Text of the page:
The Do's and Don'ts of Third Party Risk Management

The Do's and Don'ts of Third Party Risk Management

| Don Halliwell

By Don Halliwell

Third party risk management is a critical component of any organization’s security program. As organizations expand their operations, they may rely more on outside vendors to provide services that they cannot or do not wish to provide themselves. It is important to understand the risks associated with these third parties and take steps to mitigate them. Here are some do’s and don’ts when it comes to third party risk management.

Developing a Strategy

Developing a comprehensive strategy for third party risk management should include assessing the current state of the third-party’s security posture, identifying potential risks, and then taking steps to mitigate those risks. This may involve implementing specific policies and procedures for handling data shared with or obtained from the third-party, as well as conducting regular review meetings to ensure that any new information is properly evaluated and responded to promptly. A good risk management plan should be regularly reviewed and updated when necessary to ensure it remains effective against changing threats.

Training Your Staff

It is also important to train your staff on how to recognize and respond to risks associated with third parties. Proper training can help reduce both direct and indirect costs related to handling data shared with or obtained from a third party. It can also help prevent costly mistakes by ensuring your team understands the importance of maintaining an effective risk mitigation strategy at all times. Additionally, educating staff on industry best practices will equip them with the knowledge they need to identify potential issues before they lead to costly problems down the line.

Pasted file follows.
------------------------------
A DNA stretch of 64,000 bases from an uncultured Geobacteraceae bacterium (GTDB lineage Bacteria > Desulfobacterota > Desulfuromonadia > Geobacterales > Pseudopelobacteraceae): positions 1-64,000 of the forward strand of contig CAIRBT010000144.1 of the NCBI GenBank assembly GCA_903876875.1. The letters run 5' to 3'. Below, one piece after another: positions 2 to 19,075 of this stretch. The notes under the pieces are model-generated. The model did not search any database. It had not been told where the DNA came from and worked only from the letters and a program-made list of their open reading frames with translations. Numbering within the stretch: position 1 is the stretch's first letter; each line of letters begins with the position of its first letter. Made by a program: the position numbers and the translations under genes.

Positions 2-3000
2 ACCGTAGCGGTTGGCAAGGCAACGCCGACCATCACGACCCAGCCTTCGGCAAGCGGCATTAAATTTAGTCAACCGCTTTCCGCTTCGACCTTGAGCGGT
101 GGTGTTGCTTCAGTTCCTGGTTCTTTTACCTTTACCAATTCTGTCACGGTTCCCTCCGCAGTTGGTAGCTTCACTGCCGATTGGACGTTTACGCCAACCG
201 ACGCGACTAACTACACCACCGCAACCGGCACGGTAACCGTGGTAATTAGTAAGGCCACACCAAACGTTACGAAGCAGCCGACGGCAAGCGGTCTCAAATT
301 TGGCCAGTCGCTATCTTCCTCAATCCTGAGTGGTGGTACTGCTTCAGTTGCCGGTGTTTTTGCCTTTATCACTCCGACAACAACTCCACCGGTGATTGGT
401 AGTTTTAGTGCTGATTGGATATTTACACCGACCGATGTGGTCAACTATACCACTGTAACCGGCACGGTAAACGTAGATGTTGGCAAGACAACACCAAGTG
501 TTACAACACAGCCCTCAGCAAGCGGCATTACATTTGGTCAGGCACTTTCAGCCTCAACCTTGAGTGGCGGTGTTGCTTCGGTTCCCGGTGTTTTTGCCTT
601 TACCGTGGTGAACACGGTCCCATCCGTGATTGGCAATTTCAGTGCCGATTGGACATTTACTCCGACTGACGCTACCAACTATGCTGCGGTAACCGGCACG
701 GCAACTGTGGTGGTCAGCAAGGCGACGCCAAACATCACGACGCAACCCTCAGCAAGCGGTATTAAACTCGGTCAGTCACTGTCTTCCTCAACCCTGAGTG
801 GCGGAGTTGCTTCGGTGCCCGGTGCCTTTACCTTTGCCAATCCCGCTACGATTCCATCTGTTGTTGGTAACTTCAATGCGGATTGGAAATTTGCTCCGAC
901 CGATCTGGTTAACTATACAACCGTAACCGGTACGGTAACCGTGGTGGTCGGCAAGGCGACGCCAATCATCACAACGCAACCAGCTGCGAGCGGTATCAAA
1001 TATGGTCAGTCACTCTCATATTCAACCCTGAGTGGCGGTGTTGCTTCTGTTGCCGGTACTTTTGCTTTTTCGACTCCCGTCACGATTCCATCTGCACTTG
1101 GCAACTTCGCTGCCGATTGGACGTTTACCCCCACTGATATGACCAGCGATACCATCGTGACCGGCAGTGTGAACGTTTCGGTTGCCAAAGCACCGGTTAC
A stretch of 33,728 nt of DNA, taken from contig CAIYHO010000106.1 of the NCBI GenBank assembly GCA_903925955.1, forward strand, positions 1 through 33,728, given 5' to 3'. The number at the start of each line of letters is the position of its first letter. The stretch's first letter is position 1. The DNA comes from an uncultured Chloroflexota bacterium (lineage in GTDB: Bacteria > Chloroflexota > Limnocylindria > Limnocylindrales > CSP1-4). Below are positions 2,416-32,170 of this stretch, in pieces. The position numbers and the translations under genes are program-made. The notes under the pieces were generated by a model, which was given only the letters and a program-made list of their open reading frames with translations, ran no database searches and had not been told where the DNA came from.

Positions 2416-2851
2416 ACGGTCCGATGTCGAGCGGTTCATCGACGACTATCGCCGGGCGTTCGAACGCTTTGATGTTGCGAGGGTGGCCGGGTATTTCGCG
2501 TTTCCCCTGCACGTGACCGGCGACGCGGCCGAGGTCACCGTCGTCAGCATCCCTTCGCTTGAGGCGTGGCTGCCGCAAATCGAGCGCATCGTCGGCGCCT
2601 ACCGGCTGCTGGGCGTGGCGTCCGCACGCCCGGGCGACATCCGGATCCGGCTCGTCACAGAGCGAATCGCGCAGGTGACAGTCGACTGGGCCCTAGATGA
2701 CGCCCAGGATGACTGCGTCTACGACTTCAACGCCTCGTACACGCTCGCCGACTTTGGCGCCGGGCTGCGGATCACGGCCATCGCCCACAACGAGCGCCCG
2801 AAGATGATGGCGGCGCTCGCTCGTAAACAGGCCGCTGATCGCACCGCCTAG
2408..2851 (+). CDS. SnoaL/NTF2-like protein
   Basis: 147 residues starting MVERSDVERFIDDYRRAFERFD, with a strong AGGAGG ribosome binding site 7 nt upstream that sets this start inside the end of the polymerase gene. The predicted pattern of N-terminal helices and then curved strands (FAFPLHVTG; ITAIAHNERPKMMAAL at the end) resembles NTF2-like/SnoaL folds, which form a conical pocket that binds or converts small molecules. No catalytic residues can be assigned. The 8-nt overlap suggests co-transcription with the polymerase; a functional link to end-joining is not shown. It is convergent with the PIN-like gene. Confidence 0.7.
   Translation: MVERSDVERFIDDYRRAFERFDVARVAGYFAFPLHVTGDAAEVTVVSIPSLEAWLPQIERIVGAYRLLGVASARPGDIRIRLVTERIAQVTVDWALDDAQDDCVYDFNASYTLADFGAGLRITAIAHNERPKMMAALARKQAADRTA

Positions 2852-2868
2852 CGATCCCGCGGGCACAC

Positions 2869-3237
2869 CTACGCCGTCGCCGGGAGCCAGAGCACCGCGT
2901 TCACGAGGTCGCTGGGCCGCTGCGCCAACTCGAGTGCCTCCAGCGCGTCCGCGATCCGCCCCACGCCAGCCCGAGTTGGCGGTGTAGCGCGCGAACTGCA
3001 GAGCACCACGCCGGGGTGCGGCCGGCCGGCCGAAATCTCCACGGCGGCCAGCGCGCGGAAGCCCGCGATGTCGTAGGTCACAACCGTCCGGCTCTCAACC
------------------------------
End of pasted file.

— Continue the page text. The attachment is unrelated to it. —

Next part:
Tracking Compliance

Monitoring compliance with established standards is key when managing risk related to third parties. The process should involve tracking changes in their controls, procedures, and operations over time in order to identify any deviations from established standards or other concerns that may arise. Organizations should also have systems in place that allow them to quickly detect any issues that may arise so that corrective measures can be taken as soon as possible. Additionally, organizations should maintain records of all records and communications related to third-party relationships in case there are discrepancies or questions later down the road.


1. Have a thorough understanding of the third party’s operations, such as their software, processes, procedures, and controls.
2. Recognize that the risk can change over time and be aware of ways to address it if necessary.
3. Conduct proper due diligence on the third party to ensure they are providing quality services
4. Review contracts thoroughly to clearly determine responsibilities
5. Keep up with relevant certifications or licenses the third party might need
Use a combination of physical and IT security measures


1. Take shortcuts when it comes to due diligence
2. Rely solely on IT solutions
3. Overlook any relevant certifications or licenses the third party might need


It is important for organizations to properly evaluate potential risks associated with each third party supplier before engaging in any relationship with them, regardless of how well you may know them personally or how convenient their services may be for your business needs. Adopting an effective strategy for managing third-party information security risk can help ensure that no hidden risks emerge after engaging a new vendor or service provider.

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